A flipped pyramid showing the structure of servant leadership (Haaff, 2015)
By: Greg Finkelstein, Kia Harris, and Jenny Shen, MNA ’18
In nonprofit entities, leadership is the cornerstone of success. Without good leadership, regardless of how impressive the individual components may be, productivity is far from maximized, and employees themselves may become marginalized. There are a plethora of leadership techniques which can be enacted at many levels, but their effectiveness varies depending on the environment in which they are employed. However, given the nature of nonprofits, servant leadership is the universal perfect match.
Servant leadership is a concept that many leaders will never be able to follow. They may feel that being a servant leader means that power is being yielded from them to other employees. This has nothing to do with servant leadership. A good leader can lead from the front, from behind, or from the side. Beyond that, a good servant leader is still clearly in charge. This concept does not mean that final authority shifts away from management and into the hands of the other employees.
To become a servant leader, one must have the mentality that their role is to support and address the needs of those who work under them (Johnson, 2017). Thinking from the employee’s perspective, checking in with them, and being receptive to feedback all give servant leaders insight on how to better facilitate the work being done. There are constantly new models or seminars on how to be a better leader, but what will always make sense is directly asking those who are being led how they want their situations improved.
The concept of servant leadership fits nonprofits perfectly because of both their virtues and shortcomings. Nonprofits usually have employees who truly want to be there and work towards the cause. Often, these employees are initially attracted to the organization because they align with the mission statement and the values emphasized. In this light, engaging in servant leadership is a very logical approach. Truly supporting those who have a high level of motivation to accomplish the organization’s mission and affinity for the cause at hand makes the most sense. If employees already want to work hard and efficiently, pushing and prodding them doesn’t help, but will instead wear people down over time. Supporting them, addressing their specific needs, and making the work environment as easy to maneuver as possible are the best ways to increase productivity when motivation is already high.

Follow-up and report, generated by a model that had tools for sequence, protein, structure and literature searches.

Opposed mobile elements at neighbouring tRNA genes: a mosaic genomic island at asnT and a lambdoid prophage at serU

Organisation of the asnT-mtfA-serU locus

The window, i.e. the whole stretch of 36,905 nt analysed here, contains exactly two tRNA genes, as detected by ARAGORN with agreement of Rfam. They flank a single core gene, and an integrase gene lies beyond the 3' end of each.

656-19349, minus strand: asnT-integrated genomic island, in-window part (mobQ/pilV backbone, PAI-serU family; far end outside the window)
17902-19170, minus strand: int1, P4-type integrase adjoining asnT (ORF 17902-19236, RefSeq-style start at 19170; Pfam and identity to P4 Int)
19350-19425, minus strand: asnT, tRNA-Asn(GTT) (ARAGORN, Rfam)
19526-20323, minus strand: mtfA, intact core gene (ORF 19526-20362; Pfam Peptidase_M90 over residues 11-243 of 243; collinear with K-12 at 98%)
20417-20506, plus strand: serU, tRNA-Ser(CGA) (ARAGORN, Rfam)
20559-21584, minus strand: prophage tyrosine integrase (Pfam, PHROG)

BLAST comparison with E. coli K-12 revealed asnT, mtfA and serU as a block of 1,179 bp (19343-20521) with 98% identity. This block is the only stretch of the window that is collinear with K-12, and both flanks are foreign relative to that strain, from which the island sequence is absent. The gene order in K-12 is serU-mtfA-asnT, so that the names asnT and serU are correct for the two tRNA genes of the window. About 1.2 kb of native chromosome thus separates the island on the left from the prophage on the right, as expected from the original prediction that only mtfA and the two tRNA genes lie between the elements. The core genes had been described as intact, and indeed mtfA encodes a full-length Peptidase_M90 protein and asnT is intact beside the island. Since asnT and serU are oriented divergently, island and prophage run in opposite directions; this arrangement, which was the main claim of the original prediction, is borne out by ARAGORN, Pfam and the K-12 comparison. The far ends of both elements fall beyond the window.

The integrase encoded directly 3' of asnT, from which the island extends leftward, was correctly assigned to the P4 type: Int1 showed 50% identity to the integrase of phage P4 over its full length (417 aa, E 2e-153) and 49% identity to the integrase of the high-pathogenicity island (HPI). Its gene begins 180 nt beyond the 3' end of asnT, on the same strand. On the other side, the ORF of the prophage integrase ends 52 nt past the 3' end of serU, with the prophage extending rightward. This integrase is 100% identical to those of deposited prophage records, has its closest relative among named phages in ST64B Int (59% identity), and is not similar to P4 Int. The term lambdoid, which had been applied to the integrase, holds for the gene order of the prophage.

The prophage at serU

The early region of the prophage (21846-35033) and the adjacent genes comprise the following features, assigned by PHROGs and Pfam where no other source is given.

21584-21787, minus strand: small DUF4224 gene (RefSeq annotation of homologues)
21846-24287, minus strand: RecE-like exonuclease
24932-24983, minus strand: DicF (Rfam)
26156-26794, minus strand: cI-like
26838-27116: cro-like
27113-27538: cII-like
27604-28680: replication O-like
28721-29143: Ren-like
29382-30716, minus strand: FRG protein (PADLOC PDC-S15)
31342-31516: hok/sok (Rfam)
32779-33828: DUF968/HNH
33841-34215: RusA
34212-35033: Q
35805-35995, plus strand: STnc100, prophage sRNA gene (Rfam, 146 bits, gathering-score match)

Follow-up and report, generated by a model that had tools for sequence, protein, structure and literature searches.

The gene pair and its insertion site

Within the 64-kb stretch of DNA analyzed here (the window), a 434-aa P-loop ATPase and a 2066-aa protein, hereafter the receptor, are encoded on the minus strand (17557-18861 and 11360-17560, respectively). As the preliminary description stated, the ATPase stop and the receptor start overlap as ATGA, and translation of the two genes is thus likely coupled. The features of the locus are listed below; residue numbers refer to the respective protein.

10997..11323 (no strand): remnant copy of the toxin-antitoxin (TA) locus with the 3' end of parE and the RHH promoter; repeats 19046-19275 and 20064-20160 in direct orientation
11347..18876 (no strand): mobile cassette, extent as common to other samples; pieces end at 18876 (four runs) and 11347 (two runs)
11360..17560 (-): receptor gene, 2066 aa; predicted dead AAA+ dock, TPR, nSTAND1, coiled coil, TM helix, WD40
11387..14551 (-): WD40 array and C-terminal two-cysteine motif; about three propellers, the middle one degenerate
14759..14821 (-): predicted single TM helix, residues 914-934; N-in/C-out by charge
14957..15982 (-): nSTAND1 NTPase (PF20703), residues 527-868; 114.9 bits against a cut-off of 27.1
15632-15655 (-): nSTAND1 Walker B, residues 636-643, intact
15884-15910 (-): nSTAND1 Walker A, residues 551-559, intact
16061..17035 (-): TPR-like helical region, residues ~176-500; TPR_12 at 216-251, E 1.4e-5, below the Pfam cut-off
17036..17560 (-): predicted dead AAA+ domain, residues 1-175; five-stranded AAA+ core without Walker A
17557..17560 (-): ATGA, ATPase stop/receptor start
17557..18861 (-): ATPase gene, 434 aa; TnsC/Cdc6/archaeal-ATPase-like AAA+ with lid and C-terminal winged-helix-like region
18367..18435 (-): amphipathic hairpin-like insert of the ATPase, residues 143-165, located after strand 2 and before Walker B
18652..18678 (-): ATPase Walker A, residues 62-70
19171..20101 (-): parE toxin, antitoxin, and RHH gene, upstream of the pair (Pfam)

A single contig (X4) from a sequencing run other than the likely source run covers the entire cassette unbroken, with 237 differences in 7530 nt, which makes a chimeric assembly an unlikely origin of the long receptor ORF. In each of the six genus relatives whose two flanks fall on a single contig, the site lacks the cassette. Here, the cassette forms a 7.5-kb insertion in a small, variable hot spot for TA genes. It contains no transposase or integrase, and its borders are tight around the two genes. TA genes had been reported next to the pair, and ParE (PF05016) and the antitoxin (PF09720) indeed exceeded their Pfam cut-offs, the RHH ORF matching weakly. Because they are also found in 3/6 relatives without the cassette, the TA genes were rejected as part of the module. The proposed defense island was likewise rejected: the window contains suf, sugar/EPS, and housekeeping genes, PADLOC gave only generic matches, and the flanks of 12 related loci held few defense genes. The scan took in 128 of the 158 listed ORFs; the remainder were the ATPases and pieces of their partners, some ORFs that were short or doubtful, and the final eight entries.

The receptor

In addition to virtues, the shortcomings of nonprofits are another great reason to engage in servant leadership. Nonprofits may address a wide range of social issues, but they share many common challenges: being low on funds, having too few staff, and not having enough resources. Even large, multi-million dollar nonprofits have a limited ability to pay market rate wages. New nonprofits face these challenges and more, as their novelty and presumably small size makes them greatly vulnerable (Bielefeld, 2014). This gives the impression that nonprofits are at a disadvantage. Indeed, being at a disadvantage is far from anything new to nonprofits, but, rather, closer to the norm. Interestingly, there are significant drawbacks to relying on monetary reward as an incentive, as many for-profits do. Most importantly, it breeds fickle employees. Just like there is always a bigger fish, someone elsewhere will always be able to offer a bigger paycheck.
Clearly, nonprofits must rely on something more substantial than monetary reward. If an employee must accept that their work will not garner as many financial gains as compared to a similar position in the for-profit world, the last thing they want is to be led around by a totalitarian who doesn’t seem to respect their input and views them as replaceable commodities. Indeed, that would not be an easy environment to be in regardless of the sector. Additionally, nonprofit workers may be asked to go above and beyond their duties with no increase in tangible incentives. When this happens, knowing there is a leader who will do their best to address their employees’ needs is a great source of security and makes accepting the new obligations less daunting. The vanguard to overcoming these challenges can only be leadership, and servant leadership addresses these issues particularly well.
Servant leadership does not need to be the only management mechanism employed. Other models, ideas, and practices can blend well with servant leadership. For example, the 7 virtues of effective leaders, courage, integrity, humility, reverence, optimism, compassion, and justice, all fit perfectly under the frame of servant leadership (Johnson, 2017). If a leader views putting the needs of her or his staff as primary importance, they are then free to continue instilling motivation in a variety of ways. It is clear that embracing the unique traits and challenges of nonprofits is crucial to implementing good leadership. Servant leadership highlights these features, while empowering individuals to contribute as much as they can to something they believe in. It is no surprise, then, that this technique is rising in popularity.